Sports

Norm Macdonald dies at 61; From the ESPY’s to O.J., the five best sports-related moments of comic’s career


Norm Macdonald, actor, author and comedian who hosted the “Weekend Update” segment on “Saturday Night Live” from 1995-97, died on Tuesday after a private, nine-year battle with cancer. He was 61.

“He was most proud of his comedy,” said Lori Jo Hoekstra, Macdonald’s longtime producing partner and friend (via Deadline). “He never wanted the diagnosis to affect the way the audience or any of his loved ones saw him. Norm was a pure comic. He once wrote that ‘a joke should catch someone by surprise, it should never pander.’ 

“He certainly never pandered. Norm will be missed terribly.”

Widely regarded as one of the best and most influential comics of all time, Macdonald was also known as an avid sports fan and bettor. The Quebec City native even played an ex-professional hockey player who was suspended by the NHL for gambling and tax evasion on his ABC sitcom “The Norm Show” (he played “Norm”), which aired from 1999-2001.

Macdonald also hosted a short-lived “The Daily Show”-style program on Comedy Central in 2011, the “Sports Show with Norm Macdonald.” The first joke from the first episode tells you all that you need to know about the tone and Macdonald’s style of humor:

Macdonald was involved in many classic sports-related moments throughout his career, from playing tennis with Jon Lovitz to portraying Marv Albert on “SNL.” Here are our five favorites (plus a bonus bit at the end):

1. ESPY’s monologue: “That is something that no one can ever take away from you…”

Macdonald was reportedly unofficially banned from ESPN after hosting the show in 1998. His monologue cut a little too close to the line for the athletes in attendance, most notably his jokes about Frank Gifford’s fidelity, Tiger Woods’ fellow pro golfers, and, of course, his legendary, monologue-closing Charles Woodson joke:

Macdonald also did a bit later in the show with Will Ferrell, who made fun of John Elway’s teeth while in character as former Cubs broadcaster Harry Caray. Ferrell later talked about it as a time he might have gone too far with his comedy:

It’s widely believed that after Macdonald hosted, ESPN decided to “play it safe” with the ESPY’s going forward, instructing hosts to not be too edgy or offensive. So, Norm not only only hosted the best ESPY’s ever, but he also ruined it forever, which is something they can never take away from him.

2. O.J. Simpson jokes: “Well, it is finally official…”

The O.J. Simpson trial was the biggest news event of the ’90s, and Macdonald was the host of “Weekend Update” at the time. His weekly takedowns and breakdowns of Simpson and the trial were appointment viewing, as few comedians were as fearless or incisive.

These clip packages will likely make you uncomfortable in 2021 — hell, they made people uncomfortable in 1995 — but Macdonald didn’t care, as he followed his first (and only) two rules of comedy: Be funny, and tell the truth.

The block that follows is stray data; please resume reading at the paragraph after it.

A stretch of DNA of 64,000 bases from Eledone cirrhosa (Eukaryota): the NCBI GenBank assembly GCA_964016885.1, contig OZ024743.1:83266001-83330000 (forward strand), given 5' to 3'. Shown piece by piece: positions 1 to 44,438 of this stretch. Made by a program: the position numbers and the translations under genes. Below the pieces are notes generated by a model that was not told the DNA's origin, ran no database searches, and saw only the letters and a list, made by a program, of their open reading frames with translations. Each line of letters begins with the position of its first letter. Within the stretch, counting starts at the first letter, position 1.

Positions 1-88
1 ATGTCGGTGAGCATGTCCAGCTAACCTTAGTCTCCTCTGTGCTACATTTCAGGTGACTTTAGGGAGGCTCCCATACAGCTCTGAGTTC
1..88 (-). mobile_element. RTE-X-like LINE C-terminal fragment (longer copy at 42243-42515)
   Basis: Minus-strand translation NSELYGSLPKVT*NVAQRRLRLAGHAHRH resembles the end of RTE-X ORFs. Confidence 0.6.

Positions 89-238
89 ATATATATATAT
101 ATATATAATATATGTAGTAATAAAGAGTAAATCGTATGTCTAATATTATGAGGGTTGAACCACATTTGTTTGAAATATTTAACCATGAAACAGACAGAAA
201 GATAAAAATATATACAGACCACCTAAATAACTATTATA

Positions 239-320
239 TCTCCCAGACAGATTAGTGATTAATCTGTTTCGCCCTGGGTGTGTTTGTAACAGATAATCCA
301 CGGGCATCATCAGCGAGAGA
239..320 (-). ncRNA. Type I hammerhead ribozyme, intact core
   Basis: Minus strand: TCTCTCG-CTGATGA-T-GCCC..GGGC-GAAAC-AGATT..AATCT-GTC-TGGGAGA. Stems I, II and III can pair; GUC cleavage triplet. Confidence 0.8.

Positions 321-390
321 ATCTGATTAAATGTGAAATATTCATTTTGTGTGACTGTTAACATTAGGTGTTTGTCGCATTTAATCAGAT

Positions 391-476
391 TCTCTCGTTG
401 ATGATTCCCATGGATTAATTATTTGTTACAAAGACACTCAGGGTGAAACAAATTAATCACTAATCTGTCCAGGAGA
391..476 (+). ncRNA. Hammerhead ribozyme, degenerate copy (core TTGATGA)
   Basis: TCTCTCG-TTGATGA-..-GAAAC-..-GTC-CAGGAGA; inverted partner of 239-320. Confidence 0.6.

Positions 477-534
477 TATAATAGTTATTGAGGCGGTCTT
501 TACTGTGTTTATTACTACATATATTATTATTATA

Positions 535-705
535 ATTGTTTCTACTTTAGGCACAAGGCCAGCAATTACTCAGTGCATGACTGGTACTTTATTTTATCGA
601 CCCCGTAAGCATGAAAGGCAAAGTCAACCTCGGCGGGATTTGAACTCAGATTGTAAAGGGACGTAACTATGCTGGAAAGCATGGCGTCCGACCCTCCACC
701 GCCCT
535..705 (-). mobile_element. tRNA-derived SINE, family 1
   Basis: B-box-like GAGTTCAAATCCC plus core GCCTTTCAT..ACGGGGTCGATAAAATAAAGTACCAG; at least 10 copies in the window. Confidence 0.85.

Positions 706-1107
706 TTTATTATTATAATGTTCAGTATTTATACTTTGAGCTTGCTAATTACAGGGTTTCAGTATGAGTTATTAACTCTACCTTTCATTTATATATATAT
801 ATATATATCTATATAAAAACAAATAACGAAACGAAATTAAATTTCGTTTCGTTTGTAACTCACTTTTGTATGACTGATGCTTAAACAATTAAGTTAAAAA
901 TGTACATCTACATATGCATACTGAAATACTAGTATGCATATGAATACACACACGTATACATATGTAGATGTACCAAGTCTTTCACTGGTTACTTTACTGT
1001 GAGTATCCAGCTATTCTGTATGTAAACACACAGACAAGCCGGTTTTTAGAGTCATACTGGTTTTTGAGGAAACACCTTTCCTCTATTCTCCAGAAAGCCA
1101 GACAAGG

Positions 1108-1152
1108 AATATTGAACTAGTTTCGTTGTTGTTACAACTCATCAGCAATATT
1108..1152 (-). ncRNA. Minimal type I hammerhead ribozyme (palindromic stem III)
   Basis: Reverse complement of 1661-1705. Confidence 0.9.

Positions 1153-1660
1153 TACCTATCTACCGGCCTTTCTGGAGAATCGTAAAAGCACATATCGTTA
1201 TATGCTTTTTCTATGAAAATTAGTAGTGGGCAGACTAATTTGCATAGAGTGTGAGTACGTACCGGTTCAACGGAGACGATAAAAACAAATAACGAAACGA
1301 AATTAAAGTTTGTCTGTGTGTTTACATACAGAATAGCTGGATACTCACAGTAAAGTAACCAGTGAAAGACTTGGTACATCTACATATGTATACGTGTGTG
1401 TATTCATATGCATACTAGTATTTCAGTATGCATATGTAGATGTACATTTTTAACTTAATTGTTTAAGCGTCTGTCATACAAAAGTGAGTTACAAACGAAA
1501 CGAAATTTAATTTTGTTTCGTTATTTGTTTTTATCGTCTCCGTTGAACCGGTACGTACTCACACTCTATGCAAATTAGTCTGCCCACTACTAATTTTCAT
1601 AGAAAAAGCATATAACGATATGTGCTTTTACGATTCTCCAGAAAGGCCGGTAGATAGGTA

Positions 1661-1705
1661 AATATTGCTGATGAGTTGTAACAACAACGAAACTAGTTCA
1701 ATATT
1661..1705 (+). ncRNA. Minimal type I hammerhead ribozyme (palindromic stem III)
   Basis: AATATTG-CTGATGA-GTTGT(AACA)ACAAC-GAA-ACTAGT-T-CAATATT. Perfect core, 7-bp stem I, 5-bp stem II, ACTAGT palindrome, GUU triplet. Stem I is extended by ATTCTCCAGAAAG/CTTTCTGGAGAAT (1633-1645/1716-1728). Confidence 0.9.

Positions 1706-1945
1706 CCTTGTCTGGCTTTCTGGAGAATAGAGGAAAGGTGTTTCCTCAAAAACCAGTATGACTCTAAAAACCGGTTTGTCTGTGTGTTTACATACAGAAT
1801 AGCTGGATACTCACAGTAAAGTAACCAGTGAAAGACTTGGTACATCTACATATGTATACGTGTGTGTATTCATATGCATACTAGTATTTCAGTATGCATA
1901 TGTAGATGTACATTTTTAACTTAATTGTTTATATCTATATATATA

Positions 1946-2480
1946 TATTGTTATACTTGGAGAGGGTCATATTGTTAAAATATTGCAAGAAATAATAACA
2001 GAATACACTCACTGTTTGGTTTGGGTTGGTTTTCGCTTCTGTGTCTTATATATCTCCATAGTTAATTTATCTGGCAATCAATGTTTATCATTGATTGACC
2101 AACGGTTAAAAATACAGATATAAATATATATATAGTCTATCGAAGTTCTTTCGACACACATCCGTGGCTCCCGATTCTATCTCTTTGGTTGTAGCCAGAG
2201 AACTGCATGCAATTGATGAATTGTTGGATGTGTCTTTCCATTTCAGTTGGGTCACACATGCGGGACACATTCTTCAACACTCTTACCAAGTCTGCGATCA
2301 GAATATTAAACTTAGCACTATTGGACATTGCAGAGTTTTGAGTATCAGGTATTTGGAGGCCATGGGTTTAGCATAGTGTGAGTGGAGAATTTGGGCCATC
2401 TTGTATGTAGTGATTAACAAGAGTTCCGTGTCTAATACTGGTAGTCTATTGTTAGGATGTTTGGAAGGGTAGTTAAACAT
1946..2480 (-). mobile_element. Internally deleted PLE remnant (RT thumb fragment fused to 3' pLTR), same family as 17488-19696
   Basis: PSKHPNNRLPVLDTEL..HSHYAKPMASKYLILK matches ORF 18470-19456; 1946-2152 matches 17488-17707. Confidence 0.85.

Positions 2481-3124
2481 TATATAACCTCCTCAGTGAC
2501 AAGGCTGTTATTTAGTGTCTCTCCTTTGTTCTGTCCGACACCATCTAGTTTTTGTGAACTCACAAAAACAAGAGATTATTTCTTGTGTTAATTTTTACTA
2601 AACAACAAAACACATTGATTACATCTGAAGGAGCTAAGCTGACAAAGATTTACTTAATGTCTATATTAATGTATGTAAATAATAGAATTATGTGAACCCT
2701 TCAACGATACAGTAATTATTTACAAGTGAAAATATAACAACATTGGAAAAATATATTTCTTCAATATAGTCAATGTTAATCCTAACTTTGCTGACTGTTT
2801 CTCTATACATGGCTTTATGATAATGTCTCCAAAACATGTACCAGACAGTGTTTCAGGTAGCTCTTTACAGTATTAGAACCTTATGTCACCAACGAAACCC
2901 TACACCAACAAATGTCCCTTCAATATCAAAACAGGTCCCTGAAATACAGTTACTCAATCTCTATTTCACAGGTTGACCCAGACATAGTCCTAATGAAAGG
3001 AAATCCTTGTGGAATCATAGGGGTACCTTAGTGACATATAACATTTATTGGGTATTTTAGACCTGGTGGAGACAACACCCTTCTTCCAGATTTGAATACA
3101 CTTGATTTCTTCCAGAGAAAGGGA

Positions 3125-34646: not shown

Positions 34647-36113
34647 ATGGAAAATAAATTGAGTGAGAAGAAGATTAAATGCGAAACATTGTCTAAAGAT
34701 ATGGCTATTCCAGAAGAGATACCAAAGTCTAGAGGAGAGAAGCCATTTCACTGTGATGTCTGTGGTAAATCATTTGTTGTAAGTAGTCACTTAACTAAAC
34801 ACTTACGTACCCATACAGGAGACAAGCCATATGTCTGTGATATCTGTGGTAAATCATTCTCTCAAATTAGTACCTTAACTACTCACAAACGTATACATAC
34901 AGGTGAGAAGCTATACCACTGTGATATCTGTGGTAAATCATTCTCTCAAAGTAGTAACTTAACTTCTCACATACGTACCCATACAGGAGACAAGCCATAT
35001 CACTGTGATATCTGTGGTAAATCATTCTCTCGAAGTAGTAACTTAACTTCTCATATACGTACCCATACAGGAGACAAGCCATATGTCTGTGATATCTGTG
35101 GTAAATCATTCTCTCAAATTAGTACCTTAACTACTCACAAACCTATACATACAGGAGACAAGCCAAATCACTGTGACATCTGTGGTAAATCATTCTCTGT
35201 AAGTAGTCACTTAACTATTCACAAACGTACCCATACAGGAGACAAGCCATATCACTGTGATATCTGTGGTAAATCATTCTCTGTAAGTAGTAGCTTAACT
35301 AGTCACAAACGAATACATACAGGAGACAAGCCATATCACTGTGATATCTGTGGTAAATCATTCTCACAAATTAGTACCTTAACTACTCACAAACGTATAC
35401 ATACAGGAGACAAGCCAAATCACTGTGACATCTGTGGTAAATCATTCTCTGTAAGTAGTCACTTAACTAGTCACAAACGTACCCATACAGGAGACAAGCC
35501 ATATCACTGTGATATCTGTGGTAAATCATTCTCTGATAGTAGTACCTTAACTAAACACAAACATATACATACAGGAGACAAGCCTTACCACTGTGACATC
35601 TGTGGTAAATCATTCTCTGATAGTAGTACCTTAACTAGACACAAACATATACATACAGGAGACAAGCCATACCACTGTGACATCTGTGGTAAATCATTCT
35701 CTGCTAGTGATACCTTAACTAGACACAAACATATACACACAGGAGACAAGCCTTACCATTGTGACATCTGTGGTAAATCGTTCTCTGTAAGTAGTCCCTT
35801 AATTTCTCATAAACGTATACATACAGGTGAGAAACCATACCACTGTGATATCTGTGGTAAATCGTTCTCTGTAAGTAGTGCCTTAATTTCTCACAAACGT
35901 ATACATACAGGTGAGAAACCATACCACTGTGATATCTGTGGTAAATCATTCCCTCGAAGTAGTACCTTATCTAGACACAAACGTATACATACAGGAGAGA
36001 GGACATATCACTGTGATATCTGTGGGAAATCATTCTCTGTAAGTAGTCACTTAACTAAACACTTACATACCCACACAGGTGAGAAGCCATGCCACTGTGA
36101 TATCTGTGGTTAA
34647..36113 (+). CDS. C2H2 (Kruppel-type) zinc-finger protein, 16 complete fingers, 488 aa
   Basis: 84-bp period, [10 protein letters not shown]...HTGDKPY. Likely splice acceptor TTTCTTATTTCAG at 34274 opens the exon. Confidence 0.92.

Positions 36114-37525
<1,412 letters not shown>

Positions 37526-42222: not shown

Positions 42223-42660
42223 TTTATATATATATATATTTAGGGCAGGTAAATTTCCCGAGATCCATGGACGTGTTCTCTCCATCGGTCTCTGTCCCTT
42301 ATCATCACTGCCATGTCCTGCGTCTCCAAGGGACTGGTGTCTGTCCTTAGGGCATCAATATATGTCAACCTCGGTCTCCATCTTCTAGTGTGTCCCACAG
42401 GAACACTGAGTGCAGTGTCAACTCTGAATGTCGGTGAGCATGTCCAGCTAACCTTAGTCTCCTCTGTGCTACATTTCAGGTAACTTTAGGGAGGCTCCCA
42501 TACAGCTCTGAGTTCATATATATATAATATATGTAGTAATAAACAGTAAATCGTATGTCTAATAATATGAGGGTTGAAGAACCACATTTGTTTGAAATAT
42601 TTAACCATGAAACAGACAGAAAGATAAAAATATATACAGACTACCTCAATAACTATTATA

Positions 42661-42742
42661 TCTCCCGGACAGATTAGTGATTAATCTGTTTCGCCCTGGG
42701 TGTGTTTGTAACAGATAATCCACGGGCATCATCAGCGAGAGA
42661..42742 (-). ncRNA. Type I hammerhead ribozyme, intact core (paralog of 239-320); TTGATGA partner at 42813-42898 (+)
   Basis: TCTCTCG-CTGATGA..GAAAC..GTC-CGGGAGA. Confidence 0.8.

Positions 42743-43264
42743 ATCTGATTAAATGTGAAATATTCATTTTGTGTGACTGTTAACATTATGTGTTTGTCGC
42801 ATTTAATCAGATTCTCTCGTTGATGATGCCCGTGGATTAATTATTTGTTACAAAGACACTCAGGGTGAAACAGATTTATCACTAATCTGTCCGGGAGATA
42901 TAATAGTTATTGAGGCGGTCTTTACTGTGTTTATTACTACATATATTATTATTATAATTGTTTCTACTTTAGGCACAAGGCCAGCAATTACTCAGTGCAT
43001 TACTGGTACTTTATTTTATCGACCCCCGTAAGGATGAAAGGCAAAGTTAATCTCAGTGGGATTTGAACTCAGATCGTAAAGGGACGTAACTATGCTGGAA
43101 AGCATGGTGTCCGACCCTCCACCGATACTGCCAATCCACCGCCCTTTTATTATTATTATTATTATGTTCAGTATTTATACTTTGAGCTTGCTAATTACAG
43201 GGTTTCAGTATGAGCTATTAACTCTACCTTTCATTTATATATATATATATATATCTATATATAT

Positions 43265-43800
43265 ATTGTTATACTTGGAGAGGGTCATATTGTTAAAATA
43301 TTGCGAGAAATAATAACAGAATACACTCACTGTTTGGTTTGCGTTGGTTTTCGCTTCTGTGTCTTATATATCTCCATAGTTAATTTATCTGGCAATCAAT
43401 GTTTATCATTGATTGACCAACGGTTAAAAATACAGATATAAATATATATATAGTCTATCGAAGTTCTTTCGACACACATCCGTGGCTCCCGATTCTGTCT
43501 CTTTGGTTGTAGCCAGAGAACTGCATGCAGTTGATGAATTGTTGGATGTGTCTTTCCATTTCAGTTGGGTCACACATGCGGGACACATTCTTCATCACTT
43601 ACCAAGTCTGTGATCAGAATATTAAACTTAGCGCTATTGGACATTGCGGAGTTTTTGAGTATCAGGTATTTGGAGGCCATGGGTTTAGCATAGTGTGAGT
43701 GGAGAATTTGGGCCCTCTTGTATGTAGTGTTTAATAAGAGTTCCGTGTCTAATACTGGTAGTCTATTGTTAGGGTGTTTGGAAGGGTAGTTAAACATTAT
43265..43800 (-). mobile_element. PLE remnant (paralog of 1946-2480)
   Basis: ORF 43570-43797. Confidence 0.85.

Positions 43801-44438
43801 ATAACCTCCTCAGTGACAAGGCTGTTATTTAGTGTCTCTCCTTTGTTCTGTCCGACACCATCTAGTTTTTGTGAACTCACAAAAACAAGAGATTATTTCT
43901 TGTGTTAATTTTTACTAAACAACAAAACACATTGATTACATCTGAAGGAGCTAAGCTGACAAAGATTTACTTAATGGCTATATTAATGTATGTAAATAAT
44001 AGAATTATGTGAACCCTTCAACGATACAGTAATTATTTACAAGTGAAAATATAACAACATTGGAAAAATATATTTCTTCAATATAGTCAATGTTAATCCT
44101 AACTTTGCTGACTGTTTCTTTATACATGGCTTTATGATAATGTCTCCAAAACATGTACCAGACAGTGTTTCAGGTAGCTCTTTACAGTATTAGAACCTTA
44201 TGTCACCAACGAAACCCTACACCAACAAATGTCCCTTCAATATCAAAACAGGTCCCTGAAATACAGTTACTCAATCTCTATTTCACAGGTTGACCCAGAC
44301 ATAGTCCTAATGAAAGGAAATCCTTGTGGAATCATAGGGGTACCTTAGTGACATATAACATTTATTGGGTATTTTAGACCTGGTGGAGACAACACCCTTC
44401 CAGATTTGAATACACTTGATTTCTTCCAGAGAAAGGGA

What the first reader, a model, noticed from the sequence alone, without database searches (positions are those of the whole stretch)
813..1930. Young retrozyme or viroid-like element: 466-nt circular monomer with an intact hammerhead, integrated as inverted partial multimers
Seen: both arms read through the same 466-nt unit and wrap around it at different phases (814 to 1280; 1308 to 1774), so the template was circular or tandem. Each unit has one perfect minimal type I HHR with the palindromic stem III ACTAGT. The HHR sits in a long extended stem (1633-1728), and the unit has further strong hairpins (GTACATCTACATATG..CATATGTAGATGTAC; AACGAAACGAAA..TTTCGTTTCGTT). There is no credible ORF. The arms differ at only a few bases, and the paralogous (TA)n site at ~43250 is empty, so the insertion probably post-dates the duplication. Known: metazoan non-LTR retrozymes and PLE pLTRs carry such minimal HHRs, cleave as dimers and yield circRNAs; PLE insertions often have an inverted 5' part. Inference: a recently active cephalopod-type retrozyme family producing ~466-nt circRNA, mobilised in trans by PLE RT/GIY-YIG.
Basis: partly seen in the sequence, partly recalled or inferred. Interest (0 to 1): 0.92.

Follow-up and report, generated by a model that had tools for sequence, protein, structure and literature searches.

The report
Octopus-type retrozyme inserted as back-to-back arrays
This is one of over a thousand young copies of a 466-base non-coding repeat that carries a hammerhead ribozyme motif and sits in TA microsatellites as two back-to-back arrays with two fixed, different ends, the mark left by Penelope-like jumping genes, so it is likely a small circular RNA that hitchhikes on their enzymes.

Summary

Macdonald’s opening “Weekend Update” joke on the show after Simpson was acquitted is widely regarded as one of the best “Weekend Update” jokes of all time (and, yes, he was saying “fake news” long before it become fashionable):

It’s believed Macdonald was ultimately fired from “Weekend Update” because of NBC president Don Ohlmeyer’s friendship with Simpson. Ohlmeyer and the network claimed it was because they didn’t think Macdonald was funny.

When Macdonald was invited back the next year to host “SNL,” he asked a simple question: “How did I go in a year-and-a-half to being not funny enough to be even allowed in the building, to being so funny that I’m now hosting the show? How did I suddenly get so goddamn funny?”

Wouldn’t we all like to know the answer to that last question?

3. Oscar Pistorius bit: “Allegedly… but, also, really…”

This isn’t a legendary cultural moment by any means, but it’s the kind of niche, esoteric bit that true Norm (and/or Conan O’Brien) fans know and love.

It’s also a great example of Macdonald’s timing, style, and comic brilliance. It seems like he’s rambling at first, and the audience members don’t really know whether they should laugh, cringe, or boo. He gets some laughs in along the way, but the crowd still isn’t fully with him.

Then, as if it was his plan all along (was it?), he turns the tables on Conan and Andy Richter, makes them look like jerks, and gets the biggest laugh of all. And of course he does it with some ol’ timey slang:

4. Blake Griffin press conference: “There’s kind of a curse with Rookie of the Year…”

Looking to flex his reporting skills, Macdonald made a surprise appearance at Griffin’s Rookie of the Year news conference back in 2011 after the then-Clippers forward had won the award.

“It’s a question from Blake’s good friend, Norm,” Macdonald said to Griffin, who was already laughing before Macdonald had even grabbed the microphone.

Griffin had previously appeared on the “Sports Show with Norm Macdonald” as part of the segment “Blake Like Me.” The bit was a sports takeoff on Eddie Murphy’s famous “SNL” mockumentary sketch “White Like Me.”

Griffin shared his thoughts on Macdonald in a tweet posted Tuesday night, calling Macdonald of his comedy heroes and noting that Norm’s question was his “favorite press conference moment ever.”

5. Bob Uecker stories with David Letterman: “Bob Uecker’s a very interesting guy…”

“Do you have a story you can tell us about Bob Uecker, voice of the Milwaukee Brewers?”

Yes, he had a Bob Uecker story. Enjoy:

Make that two: 

 

Bonus: Norm Goes Viral: “… IN A CAR!”

Norm can finally find out God’s answer to this in person. RIP you old chunk of coal, and thanks for the laughs.

Sporting News’ Jordan Greer contributed to this article.




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